Thursday, June 18, 2009

Revolution in the Twittersphere

Fascinated by what's going on in Iran? BuzzMachine blogger Jeff Jarvis and Thomas Friedman of the New York Times offer a pair of useful commentaries on social networking vs. despotism.

In "The Virtual Mosque," Friedman writes:
What is fascinating to me is the degree to which in Iran today — and in Lebanon — the more secular forces of moderation have used technologies like Facebook, Flickr, Twitter, blogging and text-messaging as their virtual mosque, as the place they can now gather, mobilize, plan, inform and energize their supporters, outside the grip of the state.

For the first time, the moderates, who were always stranded between authoritarian regimes that had all the powers of the state and Islamists who had all the powers of the mosque, now have their own place to come together and project power: the network. The Times reported that Moussavi’s fan group on Facebook alone has grown to more than 50,000 members. That’s surely more than any mosque could hold — which is why the government is now trying to block these sites.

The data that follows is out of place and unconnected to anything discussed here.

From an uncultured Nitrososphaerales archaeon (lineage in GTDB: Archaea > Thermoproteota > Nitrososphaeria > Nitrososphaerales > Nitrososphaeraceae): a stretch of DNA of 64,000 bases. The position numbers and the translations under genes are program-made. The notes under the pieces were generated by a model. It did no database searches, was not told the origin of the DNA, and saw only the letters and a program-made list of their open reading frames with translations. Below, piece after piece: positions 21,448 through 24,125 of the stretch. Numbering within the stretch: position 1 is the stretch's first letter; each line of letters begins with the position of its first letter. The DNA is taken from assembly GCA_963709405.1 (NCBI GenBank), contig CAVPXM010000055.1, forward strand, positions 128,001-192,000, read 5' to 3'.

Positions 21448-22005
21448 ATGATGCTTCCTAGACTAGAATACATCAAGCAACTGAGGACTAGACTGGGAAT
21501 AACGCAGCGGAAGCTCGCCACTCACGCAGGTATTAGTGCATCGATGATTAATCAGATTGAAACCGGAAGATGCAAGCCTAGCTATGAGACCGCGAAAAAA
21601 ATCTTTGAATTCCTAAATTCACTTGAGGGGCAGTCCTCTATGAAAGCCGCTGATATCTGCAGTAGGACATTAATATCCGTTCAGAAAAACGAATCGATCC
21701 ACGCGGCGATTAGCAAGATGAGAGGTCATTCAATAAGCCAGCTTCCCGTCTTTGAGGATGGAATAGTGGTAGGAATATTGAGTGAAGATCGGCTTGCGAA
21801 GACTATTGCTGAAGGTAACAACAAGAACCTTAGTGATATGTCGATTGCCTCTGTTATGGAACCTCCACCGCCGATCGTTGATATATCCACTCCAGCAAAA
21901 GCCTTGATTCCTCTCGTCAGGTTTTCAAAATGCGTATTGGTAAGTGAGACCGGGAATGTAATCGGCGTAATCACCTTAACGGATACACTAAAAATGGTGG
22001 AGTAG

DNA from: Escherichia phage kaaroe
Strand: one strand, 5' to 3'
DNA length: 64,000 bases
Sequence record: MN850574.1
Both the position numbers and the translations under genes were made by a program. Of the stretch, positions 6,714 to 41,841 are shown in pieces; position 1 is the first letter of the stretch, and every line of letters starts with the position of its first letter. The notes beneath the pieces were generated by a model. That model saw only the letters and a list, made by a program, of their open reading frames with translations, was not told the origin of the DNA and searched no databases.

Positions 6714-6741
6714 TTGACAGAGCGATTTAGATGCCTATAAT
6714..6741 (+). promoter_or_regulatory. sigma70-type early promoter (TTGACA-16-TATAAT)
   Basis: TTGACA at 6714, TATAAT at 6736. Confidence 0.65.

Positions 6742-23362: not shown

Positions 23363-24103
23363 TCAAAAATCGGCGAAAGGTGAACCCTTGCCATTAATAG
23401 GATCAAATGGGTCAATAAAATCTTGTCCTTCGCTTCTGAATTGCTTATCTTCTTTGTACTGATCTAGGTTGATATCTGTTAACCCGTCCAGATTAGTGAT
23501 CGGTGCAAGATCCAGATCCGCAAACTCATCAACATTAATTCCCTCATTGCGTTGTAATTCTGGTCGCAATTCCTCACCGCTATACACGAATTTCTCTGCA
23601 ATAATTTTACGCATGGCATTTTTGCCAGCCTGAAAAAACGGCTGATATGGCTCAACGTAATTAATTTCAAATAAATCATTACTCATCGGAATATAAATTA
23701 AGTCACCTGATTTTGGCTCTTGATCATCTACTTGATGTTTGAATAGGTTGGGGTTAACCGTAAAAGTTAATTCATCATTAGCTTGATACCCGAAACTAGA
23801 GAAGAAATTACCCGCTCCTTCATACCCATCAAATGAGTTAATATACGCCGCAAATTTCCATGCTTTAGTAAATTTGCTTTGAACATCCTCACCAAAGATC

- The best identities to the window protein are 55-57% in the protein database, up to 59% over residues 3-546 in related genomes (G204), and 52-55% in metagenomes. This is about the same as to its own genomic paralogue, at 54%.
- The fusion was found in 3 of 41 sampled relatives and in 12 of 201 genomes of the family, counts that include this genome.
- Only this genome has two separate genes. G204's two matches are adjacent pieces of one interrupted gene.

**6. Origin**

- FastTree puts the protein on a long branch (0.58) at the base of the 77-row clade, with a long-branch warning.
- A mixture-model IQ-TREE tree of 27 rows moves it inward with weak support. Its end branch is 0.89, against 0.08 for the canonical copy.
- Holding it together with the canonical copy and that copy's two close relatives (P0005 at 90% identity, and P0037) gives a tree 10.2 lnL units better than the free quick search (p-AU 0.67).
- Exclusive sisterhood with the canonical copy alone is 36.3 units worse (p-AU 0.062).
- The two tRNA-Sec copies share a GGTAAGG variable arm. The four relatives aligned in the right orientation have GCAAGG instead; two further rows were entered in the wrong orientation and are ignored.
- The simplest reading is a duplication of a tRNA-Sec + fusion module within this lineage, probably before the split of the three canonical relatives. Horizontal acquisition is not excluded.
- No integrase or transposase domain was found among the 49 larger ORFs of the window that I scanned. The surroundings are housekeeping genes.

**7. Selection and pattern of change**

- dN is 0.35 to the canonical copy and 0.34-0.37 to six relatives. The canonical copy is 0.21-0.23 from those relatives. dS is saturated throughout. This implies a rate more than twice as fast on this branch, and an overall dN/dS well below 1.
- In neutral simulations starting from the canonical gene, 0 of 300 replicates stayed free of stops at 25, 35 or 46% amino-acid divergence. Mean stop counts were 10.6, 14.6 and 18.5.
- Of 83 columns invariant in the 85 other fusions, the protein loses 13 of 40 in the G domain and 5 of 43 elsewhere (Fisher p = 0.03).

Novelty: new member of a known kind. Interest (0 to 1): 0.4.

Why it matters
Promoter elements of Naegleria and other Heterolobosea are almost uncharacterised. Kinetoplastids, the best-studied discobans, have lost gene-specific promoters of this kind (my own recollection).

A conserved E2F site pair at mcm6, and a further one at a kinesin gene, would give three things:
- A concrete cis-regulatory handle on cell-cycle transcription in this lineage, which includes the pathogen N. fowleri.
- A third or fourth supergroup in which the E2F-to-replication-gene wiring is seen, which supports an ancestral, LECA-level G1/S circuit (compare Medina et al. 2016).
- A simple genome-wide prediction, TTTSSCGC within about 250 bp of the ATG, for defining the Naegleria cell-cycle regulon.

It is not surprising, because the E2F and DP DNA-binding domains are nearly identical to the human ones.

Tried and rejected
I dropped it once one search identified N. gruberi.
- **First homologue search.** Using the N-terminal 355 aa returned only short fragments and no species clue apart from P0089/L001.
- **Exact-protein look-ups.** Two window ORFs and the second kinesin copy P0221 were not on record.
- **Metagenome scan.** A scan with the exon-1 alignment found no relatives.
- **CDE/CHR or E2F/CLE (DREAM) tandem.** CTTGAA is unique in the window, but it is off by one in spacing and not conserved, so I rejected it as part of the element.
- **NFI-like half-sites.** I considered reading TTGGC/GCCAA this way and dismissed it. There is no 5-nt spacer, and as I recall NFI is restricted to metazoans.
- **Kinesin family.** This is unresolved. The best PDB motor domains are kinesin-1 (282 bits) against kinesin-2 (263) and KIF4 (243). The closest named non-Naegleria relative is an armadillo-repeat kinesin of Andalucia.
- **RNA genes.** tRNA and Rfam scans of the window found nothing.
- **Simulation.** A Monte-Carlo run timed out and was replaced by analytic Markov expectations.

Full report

Adds Jarvis:
Of course, Twitter - and Facebook and blogs and camera phones - alone cannot win a revolution. They cannot protect their users from government’s bullets and jails, as we have seen all to tragically in Iran. ... Fighting for freedom requires courage and risk we must not underestimate. But at least these tools allow allies to find each other and to let the world know of their plight. For thanks to the fact that anyone in the world - outside of North Korea - now has a printing press and a broadcast tower, they can be assured that the whole world is watching.
Also see:

(Photo credit: "Iran Protests for 5th Straight Day" by .faramarz, courtesy of

1 comment:

Kent said...

I vaguely remember a quote by a 20th century radical to the effect that a mimeograph machine was more powerful than an army.

I couldn't find the quote. But I did find this snippet about how a mimeograph machine was involved in the last Iranian revolution (overthrowing the Shah):

The recent revelations in the Washington Post of the role played by New York Times reporter Judith Miller in Iraq calls to mind the way Kennet Love, another New York Times reporter, functioned before and during the CIA-led coup that overthrew Mossadegh and restored the Shah to power in Iran. Love worked a mimeograph machine that turned out propaganda materials to incite the Iranians to rise up against their own democratically elected government and install a tyrant. Charges that Love was working for the CIA were never substantiated and were undoubtedly not true. Miller was also not working for Donald Rumsfeld when she filed her stories from Iraq, intimidated American military personnel and participated in the interrogation of Saddam Hussein’s son-in-law.

Here is a link to the whole article:

So if a mimeograph was powerful, think about a network of phones! Political information instantly distributed via the cell phone network. Amazing! And the information can include links to pictures or even videos. Powerful indeed.